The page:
Stories XX Century

The Tearing Down of the Berlin Wall


The Communist government began constructing the Berlin Wall in an attempt to stop the hordes of refugees trying to leave East Berlin. Construction of the wall brought about a temporary crisis in the relationship between the U.S. and the Soviet Union. The wall, sometimes called the “Iron Curtain” became a symbol of the Cold War.

Barbed-wire fences rose in Berlin on August 13, 1961. Then a concrete wall was erected. The wall was a powerful barrier that effectively split East and West Berlin.

Berlin Wall East Side Gallery. Source:

The last day before the wall rose, over 2,000 East Germans crossed into West Berlin. Less than 5,000 people were able to get safely over the barrier in the three decades that followed. Some people dug underground tunnels, some drifted over in crude hot-air balloons, and others devised a zip line between East and West.

By 1989, the winds of change were blowing across Eastern Europe. Eastern Berliners were exasperated with communist rule. Food in East Berlin was getting hard to come by.

There was a burgeoning disorder and turbulence among the country’s young people and this became a growing concern to East German power. Radio and television shows could not be easily blocked, so the teenagers on both sides of the wall became enamored of rock-and-roll music. Angry citizens wanted the wall to tumble down– and tumble it did.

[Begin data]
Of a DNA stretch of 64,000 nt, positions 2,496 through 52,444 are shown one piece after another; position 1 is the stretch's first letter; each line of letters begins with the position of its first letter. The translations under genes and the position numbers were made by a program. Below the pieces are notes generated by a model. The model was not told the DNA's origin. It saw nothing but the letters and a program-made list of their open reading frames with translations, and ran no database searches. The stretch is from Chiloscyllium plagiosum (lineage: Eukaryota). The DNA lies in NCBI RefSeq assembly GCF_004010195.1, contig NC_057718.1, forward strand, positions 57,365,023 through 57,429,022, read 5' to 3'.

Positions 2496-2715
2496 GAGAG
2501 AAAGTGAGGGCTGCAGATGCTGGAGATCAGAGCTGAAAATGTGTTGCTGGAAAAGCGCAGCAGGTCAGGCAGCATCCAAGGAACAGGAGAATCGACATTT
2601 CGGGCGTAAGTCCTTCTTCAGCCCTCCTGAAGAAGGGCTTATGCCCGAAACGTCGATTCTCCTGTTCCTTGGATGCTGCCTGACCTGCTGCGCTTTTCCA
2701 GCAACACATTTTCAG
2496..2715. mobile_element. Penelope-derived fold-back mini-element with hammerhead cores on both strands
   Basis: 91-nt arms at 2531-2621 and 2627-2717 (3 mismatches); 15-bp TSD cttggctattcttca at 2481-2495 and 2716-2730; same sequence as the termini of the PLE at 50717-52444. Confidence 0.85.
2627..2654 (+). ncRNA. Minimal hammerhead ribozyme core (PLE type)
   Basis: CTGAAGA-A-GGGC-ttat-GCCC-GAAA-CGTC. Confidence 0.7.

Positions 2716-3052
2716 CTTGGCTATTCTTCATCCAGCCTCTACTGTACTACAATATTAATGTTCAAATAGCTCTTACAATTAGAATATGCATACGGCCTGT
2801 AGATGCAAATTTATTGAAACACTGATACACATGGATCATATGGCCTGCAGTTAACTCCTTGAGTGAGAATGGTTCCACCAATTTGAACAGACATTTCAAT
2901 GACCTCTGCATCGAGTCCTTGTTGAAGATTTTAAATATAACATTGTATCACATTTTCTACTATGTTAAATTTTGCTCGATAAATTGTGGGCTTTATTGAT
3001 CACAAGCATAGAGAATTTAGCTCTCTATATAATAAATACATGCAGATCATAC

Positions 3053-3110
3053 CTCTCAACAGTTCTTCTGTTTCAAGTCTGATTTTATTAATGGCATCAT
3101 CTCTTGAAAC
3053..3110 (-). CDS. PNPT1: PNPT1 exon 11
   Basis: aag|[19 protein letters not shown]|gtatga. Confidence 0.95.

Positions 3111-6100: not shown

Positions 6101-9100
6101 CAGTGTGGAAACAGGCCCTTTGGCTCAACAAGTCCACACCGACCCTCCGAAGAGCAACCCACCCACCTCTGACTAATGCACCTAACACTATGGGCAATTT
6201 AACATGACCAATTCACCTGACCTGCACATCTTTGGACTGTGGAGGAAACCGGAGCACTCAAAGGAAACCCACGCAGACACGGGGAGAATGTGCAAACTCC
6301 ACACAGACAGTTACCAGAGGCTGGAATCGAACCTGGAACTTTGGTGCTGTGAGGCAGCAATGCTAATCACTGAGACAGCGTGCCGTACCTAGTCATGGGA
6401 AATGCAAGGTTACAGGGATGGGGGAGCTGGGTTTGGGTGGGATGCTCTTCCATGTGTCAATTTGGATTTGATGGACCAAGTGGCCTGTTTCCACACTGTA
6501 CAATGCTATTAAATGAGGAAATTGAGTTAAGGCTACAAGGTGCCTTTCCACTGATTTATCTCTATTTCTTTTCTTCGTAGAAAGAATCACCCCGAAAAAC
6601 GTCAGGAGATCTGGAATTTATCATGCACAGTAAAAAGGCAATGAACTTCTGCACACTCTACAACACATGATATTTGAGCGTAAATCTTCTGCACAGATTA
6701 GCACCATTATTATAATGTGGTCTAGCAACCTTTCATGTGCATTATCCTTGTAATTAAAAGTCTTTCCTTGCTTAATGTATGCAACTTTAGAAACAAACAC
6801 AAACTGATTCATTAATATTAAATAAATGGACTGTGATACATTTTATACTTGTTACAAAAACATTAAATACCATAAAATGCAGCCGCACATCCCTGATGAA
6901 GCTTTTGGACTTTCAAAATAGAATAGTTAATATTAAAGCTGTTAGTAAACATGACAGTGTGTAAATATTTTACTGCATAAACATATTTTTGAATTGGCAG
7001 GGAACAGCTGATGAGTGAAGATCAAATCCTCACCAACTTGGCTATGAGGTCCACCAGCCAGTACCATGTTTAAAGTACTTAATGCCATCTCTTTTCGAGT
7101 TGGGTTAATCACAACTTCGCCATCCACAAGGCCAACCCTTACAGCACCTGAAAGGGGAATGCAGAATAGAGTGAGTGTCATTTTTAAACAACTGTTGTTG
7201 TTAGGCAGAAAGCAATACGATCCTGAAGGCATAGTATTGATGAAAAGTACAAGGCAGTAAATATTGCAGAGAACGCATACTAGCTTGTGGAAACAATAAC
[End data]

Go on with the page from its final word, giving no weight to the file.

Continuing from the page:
Berlin Wall Ddr Wall Architecture. Source:

When the wall came tumbling down

East German officials opened the border on November 9th, more than 3 decades ago.

A spokesman for the Communist Party proclaimed that beginning at midnight, citizens of East Germany would be permitted to cross the border.

More than 2 million people spilled over the wall from one side to the other.  During a 2-day festival people danced on top of the edifice and whittled off souvenirs with mallets and axes.

Berlin Wall, East Side Berlin. Source:

In October 1990, East and West Germany were officially joined again as a single country.

As people all over the globe watched, a large piece of the Wall was lifted by a crane. After the Berlin wall was completely demolished, pieces of it were sent to museums all over the world.

Just as construction of the wall brought about a temporary crisis in the relationship between the U.S. and the Soviet Union, the dismantling of the barrier heralded the end of the Cold War.